What should the criteria be to enter a cancer clinical trial?
When 29-year-old Carly Bastiansen was diagnosed in January 2016 with advanced pancreatic cancer, doctors told her a clinical trial was her best shot at slowing the notoriously quick-killing and hard-to-treat disease. She found one that appeared promising and went through the screening process. But the trial would not accept her.
“Participating in a clinical trial is really my only chance at living longer,” Bastiansen, a children’s librarian in Baltimore, said this fall as she was growing weaker. “To have had that option taken off the table was devastating.”
Bastiansen was ruled out of the trial because she did not meet its eligibility criteria, which include many characteristics — for example, age and the type and stage of cancer — that all trial participants must possess. Lab tests showed that her bilirubin, a compound in the blood that is predictive of liver function, fell just outside the normal range, raising the red flag that barred her enrollment.
She refused to give up and not long ago took a leave from work to devote all of her energy to finding a trial that would enroll her. “The researcher heading up the second trial I applied to said I was ‘too sick’ for his trial,” Bastiansen said.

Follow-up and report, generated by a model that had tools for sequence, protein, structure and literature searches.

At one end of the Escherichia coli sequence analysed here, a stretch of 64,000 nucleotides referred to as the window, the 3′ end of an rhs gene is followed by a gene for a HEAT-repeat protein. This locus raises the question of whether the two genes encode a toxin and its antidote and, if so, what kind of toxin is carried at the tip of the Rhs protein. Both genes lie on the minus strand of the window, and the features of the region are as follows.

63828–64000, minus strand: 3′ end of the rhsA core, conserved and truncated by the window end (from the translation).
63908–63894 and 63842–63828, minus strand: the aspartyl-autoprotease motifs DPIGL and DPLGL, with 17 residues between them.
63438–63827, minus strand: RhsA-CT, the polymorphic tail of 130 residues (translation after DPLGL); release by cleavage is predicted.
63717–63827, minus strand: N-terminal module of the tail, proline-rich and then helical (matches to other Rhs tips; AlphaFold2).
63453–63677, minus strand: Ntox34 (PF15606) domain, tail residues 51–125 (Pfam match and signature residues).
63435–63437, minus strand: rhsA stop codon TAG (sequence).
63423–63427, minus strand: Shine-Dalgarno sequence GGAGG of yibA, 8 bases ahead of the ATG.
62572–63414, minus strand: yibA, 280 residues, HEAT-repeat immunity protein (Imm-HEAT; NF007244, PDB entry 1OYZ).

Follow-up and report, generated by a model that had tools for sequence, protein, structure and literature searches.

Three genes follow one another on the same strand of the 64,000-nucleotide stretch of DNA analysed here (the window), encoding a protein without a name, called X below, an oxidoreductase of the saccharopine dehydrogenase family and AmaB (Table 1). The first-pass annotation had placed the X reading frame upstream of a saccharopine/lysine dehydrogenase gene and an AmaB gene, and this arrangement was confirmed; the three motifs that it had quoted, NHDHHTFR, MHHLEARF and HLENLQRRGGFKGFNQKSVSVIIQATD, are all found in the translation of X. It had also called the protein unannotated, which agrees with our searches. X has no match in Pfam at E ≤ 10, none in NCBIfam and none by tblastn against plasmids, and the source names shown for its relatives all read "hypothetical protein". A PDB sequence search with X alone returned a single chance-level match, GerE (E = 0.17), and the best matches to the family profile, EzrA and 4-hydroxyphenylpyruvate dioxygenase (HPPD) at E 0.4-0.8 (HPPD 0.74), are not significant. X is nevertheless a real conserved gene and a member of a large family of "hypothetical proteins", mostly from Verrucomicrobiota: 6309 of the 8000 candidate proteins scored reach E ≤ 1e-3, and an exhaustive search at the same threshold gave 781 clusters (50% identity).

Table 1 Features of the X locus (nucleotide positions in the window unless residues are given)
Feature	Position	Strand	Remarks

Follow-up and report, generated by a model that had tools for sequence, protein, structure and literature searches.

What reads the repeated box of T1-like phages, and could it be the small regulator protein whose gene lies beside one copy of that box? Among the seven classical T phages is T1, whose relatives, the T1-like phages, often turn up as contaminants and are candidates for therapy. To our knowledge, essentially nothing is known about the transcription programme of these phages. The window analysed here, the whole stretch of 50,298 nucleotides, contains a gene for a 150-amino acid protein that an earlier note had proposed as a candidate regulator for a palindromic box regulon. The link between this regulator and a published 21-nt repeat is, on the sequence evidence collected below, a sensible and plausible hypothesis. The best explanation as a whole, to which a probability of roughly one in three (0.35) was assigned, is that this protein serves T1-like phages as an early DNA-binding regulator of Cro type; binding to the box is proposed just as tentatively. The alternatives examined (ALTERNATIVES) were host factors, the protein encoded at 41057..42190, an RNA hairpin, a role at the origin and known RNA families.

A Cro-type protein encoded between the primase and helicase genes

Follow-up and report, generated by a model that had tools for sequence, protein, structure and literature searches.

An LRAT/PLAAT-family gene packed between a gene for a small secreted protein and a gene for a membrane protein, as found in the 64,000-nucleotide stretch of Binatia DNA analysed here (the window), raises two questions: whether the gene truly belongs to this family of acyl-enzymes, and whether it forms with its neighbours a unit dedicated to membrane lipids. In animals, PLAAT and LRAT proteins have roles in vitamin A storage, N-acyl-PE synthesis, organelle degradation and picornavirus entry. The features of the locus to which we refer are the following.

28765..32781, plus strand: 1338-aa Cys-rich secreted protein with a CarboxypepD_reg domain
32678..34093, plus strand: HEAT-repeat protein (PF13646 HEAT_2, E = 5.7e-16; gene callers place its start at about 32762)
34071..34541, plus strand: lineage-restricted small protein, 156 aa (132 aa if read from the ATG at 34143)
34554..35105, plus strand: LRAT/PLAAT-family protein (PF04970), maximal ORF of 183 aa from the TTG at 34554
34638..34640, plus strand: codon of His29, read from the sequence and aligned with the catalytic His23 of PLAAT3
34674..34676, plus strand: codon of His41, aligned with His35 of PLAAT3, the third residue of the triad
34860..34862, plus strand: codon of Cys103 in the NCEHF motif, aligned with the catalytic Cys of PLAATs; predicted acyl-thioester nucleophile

Her unsuccessful search — six trials would eventually reject her — help illuminate a debate over the eligibility criteria that are part of every clinical trial. Many doctors and researchers argue that the criteria are too narrow and should be expanded to include more patients who have exhausted standard treatment options or who, like Bastiansen, never had any to begin with.
Clinical trials test whether a treatment is safe and effective, a prerequisite for Food and Drug Administration approval. Eligibility criteria are typically written by the trial’s sponsor — usually a pharmaceutical or biotech company — or the trial’s investigators, and they serve two purposes: They protect study participants, particularly those thought to be at greater risk, from experiencing unnecessary harm. They also ensure that participants are similar enough that any changes they experience during the trials are caused only by the drug under investigation.
“Otherwise it would be impossible to know, for example, whether a patient experienced a cardiac event due to a side effect of the drug under study or due to an underlying health condition,” said David Gerber, a lung cancer specialist at the University of Texas Southwestern’s Simmons Cancer Center.
Despite the essential role of eligibility criteria in clinical trials, many oncologists believe that such guidelines are overly restrictive, resulting in too many patients being barred from potentially life-extending treatments and helping to keep the nation’s cancer clinical trials participation rate hovering at 3 percent.
“Everyone thinks it’s time to take a hard look at eligibility criteria, especially doctors who have to look their patients in the eye, after telling them about an exciting new trial, and explain to them that they aren’t eligible to participate,” said Mikkael Sekeres, director of the leukemia program at the Cleveland Clinic’s Taussig Cancer Institute.
But that has proved easier said than done. While Sekeres advocates for “more rational eligibility criteria,” he also says that defining a study’s eligibility criteria is an “inherently complicated and high-stakes process.”
|Read Full Article: Cancer clinical trials exclude many desperate patients. Should that change? – The Washington Post|